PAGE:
• An example of a suitable water-soluble polymer is polyethylene glycol (PEG) having a molecular weight of from about 6,000 to about 20,000. Higher molecular weight PEG is produced by linking 2 or 3 smaller polymer chains with epoxy linkers. Generally, the amount of polymer in each bead is from about 40 to about 99% by volume, with about 60 to about 80% preferred. The remaining portion comprises the active ingredient(s) and water. The actual concentration of polymer in the various beads will depend on the nature of the component, that is, whether the ingredient is an enzyme, detergent, reducing agent, etc., and on the need or desirability for making a final product wherein the different components will react in the drain in an ordered or sequential manner. The weight to weight ratio of the various active ingredients in the compositions of this invention to the polymer and the ratio of the active ingredients to one another can vary, depending upon a variety of factors, including the strength of the enzyme(s) and the presence of various optional ingredients. For example, in a bead composition wherein certain beads comprise the enzyme(s) and alkali metal bisulfite compound and other beads comprise the disulfide reducing agent, about 5 to about 50% of the beads can comprise a mixture of alkaline protease and bisulfite compound dispersed in polyethylene glycol, the weight to weight ratio of enzyme and bisulfite compound to PEG ranging from about 1:1 to about 1:1000, and about 50 to about 95% of the beads comprise a mixture of a disulfide reducing agent dispersed in PEG, the weight to weight ratio of reducing agent to PEG ranging from about 1:1000. Optionally, about 0.1 to about 20% of the beads can comprise a mixture of an additional ingredient, such as sodium dodecylsulfate, dispersed in PEG, the weight to weight ratio of SDS to PEG ranging from about 1:1 to about 1:1000.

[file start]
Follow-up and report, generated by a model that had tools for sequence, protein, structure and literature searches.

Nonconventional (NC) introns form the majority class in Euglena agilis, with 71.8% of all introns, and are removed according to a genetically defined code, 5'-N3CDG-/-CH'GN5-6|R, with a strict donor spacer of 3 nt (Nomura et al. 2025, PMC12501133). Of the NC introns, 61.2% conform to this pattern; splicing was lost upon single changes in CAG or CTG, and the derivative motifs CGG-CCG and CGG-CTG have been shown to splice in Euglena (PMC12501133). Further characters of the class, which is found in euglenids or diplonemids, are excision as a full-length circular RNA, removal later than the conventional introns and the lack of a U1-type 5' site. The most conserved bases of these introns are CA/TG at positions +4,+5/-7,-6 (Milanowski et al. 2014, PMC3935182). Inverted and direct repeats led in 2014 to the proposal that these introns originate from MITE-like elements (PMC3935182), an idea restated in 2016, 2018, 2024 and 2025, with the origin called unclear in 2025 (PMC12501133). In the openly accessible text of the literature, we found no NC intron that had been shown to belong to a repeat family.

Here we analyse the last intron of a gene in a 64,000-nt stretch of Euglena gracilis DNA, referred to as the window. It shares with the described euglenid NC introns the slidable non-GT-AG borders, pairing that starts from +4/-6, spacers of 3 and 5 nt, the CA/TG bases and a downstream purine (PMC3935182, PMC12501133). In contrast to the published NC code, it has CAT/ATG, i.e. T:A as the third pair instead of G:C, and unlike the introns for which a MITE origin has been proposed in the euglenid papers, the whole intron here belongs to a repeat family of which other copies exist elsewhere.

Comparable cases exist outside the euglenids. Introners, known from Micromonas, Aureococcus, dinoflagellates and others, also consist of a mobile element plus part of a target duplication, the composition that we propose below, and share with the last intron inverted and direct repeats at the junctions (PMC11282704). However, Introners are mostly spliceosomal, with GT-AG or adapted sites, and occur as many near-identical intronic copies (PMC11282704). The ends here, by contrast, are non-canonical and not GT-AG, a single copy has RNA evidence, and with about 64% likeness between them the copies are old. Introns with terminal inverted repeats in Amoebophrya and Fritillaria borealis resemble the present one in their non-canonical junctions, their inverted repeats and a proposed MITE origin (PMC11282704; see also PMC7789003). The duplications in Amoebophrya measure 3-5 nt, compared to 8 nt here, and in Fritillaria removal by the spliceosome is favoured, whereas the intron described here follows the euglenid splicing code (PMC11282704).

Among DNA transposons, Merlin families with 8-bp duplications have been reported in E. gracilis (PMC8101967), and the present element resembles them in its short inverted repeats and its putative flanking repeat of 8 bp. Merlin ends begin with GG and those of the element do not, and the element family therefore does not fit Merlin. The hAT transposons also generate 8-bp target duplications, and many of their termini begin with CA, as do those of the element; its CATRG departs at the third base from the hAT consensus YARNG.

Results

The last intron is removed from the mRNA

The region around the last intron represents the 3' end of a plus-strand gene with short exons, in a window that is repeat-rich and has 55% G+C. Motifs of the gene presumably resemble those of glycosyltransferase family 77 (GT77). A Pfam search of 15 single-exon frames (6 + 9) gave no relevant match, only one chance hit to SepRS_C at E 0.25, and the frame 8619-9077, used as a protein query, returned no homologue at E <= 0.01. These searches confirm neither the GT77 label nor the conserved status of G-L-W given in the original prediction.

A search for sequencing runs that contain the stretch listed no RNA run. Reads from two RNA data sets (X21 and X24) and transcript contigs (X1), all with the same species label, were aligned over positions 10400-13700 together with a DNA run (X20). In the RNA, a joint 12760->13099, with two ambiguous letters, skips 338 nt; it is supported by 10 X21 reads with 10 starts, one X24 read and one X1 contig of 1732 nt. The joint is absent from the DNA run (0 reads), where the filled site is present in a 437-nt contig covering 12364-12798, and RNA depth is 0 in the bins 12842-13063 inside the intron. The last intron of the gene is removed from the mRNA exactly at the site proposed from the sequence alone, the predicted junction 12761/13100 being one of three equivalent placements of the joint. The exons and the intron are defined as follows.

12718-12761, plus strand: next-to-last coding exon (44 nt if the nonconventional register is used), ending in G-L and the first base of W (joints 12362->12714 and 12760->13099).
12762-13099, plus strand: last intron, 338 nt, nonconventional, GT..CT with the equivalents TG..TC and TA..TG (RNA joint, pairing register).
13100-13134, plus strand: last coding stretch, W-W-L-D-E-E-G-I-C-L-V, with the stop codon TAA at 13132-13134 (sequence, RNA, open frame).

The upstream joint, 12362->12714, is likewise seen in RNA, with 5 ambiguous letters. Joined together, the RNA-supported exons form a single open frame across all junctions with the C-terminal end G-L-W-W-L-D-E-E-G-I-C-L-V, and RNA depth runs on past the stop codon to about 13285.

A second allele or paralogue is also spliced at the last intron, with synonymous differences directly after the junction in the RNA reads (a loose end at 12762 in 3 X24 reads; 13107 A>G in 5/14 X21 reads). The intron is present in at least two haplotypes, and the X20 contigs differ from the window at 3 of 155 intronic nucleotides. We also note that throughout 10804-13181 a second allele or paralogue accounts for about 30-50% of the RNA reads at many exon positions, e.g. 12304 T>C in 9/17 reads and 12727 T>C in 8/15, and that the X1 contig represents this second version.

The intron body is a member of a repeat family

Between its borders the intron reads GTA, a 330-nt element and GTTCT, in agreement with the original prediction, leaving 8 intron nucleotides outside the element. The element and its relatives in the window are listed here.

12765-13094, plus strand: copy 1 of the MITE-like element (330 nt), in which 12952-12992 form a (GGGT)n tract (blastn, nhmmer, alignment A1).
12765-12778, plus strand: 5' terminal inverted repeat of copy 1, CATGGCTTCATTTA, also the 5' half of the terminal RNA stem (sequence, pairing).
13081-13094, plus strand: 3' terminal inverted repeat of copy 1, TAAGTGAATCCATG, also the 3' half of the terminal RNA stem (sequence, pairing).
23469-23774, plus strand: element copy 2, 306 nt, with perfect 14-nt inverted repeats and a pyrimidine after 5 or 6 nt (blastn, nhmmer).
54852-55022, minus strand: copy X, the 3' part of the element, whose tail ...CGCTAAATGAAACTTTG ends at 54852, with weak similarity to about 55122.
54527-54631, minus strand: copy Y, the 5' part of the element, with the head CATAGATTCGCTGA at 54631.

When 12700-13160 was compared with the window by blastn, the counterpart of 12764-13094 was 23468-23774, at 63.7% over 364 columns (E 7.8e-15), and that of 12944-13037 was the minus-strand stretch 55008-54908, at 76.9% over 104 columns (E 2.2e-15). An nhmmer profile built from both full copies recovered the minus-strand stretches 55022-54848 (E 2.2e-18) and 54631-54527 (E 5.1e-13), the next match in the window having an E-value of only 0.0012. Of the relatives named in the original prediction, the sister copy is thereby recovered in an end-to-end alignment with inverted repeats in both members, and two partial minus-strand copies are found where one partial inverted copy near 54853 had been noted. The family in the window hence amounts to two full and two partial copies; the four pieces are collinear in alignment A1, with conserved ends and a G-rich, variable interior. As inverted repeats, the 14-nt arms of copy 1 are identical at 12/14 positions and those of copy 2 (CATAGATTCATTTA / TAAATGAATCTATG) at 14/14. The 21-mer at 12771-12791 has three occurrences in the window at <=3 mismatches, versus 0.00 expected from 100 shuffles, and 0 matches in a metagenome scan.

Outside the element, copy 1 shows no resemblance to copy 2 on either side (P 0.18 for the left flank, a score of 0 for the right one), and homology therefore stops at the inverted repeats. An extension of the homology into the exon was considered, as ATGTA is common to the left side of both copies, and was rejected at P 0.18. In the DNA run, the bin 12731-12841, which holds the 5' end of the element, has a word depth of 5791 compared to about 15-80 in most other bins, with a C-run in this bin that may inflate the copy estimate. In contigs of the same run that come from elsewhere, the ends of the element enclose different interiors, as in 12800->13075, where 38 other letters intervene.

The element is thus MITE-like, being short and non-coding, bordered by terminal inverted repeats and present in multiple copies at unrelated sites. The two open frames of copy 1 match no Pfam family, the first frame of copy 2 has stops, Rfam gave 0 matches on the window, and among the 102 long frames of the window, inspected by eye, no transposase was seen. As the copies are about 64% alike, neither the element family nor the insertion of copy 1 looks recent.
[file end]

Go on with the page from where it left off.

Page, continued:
• Both dissolution time and melt temperature are affected by the amount of moisture in the polymer coating. Generally, the moisture content is less than about 10% of the polymer by volume and preferably ranges from about 0.01 to about 2%. Bead diameter can vary from less than 1/2 millimeter to greater than 7 millimeters. Preferably, bead diameter is between about 0.5 millimeters and about 5 millimeters.
  • The enzymes and other components may be in either liquid or solid form. The enzyme source, for instance, may be either a fermentation broth or a dried enzyme powder. In either case, the polymer is melted, then mixed with the liquid or solid component of the drain cleaning composition. The beads, or pellets, then can be formed in a variety of ways. For example, the polymer- component mixture can be formed into droplets, then resolidified. Alternatively, the liquid mixture can be spread into a thin sheet which is ground into particles after it has resolidified. In addition, the material can be extruded and cut. The word "bead" as used throughout this application is intended to apply to all of these embodiments.
  • The following examples are provided to illustrate the present invention but are not to be construed as limiting.
  • Example 1
  • Two drain cleaner bead products were prepared. One had three different types of polymer-encapsulated active ingredients: sodium dodecylsulfate (SDS), a high alkaline protease (obtained from Enzyme Development Corporation), and sodium thioglycolate (Na-TGA). The other had two different active ingredients: NaTGA and a mixture of enzyme and sodium bisulfite (SBS). The SBS was added in an amount such that the liquid prepolymer contained 0.05% SBS. The polymer used was polyethylene glycol (Fisher Brand PEG8000). The beads were produced by extruding a mixture of the active ingredient and the polymer through a needle. Table II below lists the active ingredients and the conditions under which the beads were produced.